Chief of Army Staff Gen­eral Ra­heel Sharif re­it­er­ated Pak­istan Army’s re­solve in break­ing down the nexus be­tween ter­ror­ism and cor­rup­tion. He very rightly es­tab­lished that there is an or­ganic link be­tween cor­rup­tion and ter­ror­ism and hence tar­get­ing cor­rup­tion would di­min­ish the hold of the ter­ror­ists since these ill-got­ten funds are chan­nelised to ter­ror­ists too.

Cor­rup­tion is not just Pak­istan-spe­cific since it is en­demic in most of the third world coun­tries and in some de­vel­oped na­tions too. How­ever, the mag­ni­tude of cor­rup­tion has spread omi­nously and has en­sued into a sin­is­ter sit­u­a­tion where lo­cal cit­i­zens as well as for­eign in­vestors have placed cor­rup­tion at the top of the list of the dam­ag­ing fac­tors af­fect­ing Pak­istan’s eco­nomic progress and pros­per­ity. The dis­clo­sure by the COAS gives fur­ther cre­dence to this neg­a­tiv­ity.

More­over, the China Pak­istan Eco­nomic Cor­ri­dor (CPEC) is a wel­come ini­tia­tive and is her­alded as the be­gin­ning of global con­fi­dence in Pak­istan. In to­day’s dif­fi­cult times, CPEC has in­stilled hope that its suc­cess would be a show­case that Pak­istan could ex­hibit to at­tract global in­vest­ment and in­ter­est in Pak­istan. This is fur­ther en­cour­aged by the fact that Pak­istan Army is fully be­hind its im­ple­men­ta­tion and that a spe­cial se­cu­rity force has been es­tab­lished to pro­vide se­cu­rity, safety, and con­fi­dence to those Chi­nese cit­i­zens who are or will be based in Pak­istan. The essence of these mea­sures is akin to the se­cu­rity of the coun­try’s strate­gic as­sets and is a man­i­fes­ta­tion of the suc­cess of Zarb-e-Azb and other mea­sures.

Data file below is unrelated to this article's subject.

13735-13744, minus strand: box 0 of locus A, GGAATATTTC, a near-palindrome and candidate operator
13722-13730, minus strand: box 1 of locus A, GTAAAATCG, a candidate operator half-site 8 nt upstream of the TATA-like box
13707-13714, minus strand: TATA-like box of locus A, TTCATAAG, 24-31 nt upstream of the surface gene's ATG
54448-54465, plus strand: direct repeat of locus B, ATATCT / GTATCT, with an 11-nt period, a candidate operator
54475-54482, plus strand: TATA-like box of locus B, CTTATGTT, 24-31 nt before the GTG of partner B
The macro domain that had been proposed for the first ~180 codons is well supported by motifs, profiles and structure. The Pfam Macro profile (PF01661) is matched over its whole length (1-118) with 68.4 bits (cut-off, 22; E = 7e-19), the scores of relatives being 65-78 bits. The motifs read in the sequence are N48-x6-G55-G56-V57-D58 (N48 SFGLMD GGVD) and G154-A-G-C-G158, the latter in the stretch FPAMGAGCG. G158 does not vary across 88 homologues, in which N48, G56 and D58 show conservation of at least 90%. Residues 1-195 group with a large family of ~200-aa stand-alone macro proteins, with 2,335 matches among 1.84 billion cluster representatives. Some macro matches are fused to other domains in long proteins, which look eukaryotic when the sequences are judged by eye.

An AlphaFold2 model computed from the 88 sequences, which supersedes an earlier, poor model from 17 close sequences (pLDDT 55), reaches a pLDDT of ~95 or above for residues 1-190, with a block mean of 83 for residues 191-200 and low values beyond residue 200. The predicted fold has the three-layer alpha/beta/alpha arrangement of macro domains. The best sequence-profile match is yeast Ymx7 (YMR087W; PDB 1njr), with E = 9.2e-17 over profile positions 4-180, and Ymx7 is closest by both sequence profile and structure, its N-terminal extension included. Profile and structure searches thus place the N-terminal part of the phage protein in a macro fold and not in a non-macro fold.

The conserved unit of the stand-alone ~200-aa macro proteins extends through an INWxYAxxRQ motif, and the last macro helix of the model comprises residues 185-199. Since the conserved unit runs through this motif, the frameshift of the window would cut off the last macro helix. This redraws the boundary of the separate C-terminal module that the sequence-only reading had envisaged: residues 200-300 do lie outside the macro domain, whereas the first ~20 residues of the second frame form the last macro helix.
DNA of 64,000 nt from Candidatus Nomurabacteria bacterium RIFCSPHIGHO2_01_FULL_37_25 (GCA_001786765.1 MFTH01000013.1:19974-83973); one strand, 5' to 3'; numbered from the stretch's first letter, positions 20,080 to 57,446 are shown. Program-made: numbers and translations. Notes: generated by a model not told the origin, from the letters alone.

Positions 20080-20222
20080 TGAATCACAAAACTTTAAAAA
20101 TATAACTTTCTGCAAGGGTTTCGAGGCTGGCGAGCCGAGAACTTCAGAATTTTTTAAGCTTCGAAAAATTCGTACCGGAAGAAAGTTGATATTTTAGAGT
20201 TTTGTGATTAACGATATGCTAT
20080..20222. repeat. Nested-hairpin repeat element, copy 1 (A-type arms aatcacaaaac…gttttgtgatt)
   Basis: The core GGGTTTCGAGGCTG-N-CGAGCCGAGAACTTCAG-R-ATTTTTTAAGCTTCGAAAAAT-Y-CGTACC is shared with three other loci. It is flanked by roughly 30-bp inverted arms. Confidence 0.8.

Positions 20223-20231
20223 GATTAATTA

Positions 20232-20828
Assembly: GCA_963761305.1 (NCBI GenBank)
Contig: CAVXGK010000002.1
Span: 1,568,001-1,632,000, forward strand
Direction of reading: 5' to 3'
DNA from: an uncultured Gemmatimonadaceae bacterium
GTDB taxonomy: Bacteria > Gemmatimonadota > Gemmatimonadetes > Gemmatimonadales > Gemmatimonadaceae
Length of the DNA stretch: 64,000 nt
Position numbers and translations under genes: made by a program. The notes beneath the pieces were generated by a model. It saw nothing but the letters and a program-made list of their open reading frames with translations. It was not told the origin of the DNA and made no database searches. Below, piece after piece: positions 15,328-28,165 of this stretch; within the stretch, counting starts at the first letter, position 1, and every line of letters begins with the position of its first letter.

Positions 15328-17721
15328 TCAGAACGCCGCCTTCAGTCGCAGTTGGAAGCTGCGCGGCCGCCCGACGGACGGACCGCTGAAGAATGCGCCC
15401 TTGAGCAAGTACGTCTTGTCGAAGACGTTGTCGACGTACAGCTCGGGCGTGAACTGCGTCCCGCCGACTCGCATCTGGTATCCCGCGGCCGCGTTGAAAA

Cor­rup­tion is a defin­ing fac­tor that should be termed as eco­nomic ter­ror­ism. Un­der the Na­tional Ac­tion Plan (NAP), cor­rup­tion has to be tack­led on a war-foot­ing ba­sis. Pak­istan Rangers Sindh has hinted at nab­bing the cor­rupt in govern­ment, in po­lit­i­cal par­ties, and in other sec­tors. How­ever, in­flu­en­tial and high pro­file per­son­al­i­ties, known for amass­ing huge ill-got­ten wealth were de­lib­er­ately per­mit­ted to leave the coun­try or are still un­abashedly al­lowed to con­tinue their ne­far­i­ous ac­tiv­i­ties. The Na­tional Ac­count­abil­ity Bu­reau (NAB) is a tooth­less tiger catch­ing small league play­ers while cases against top-notch per­sons are gath­er­ing dust.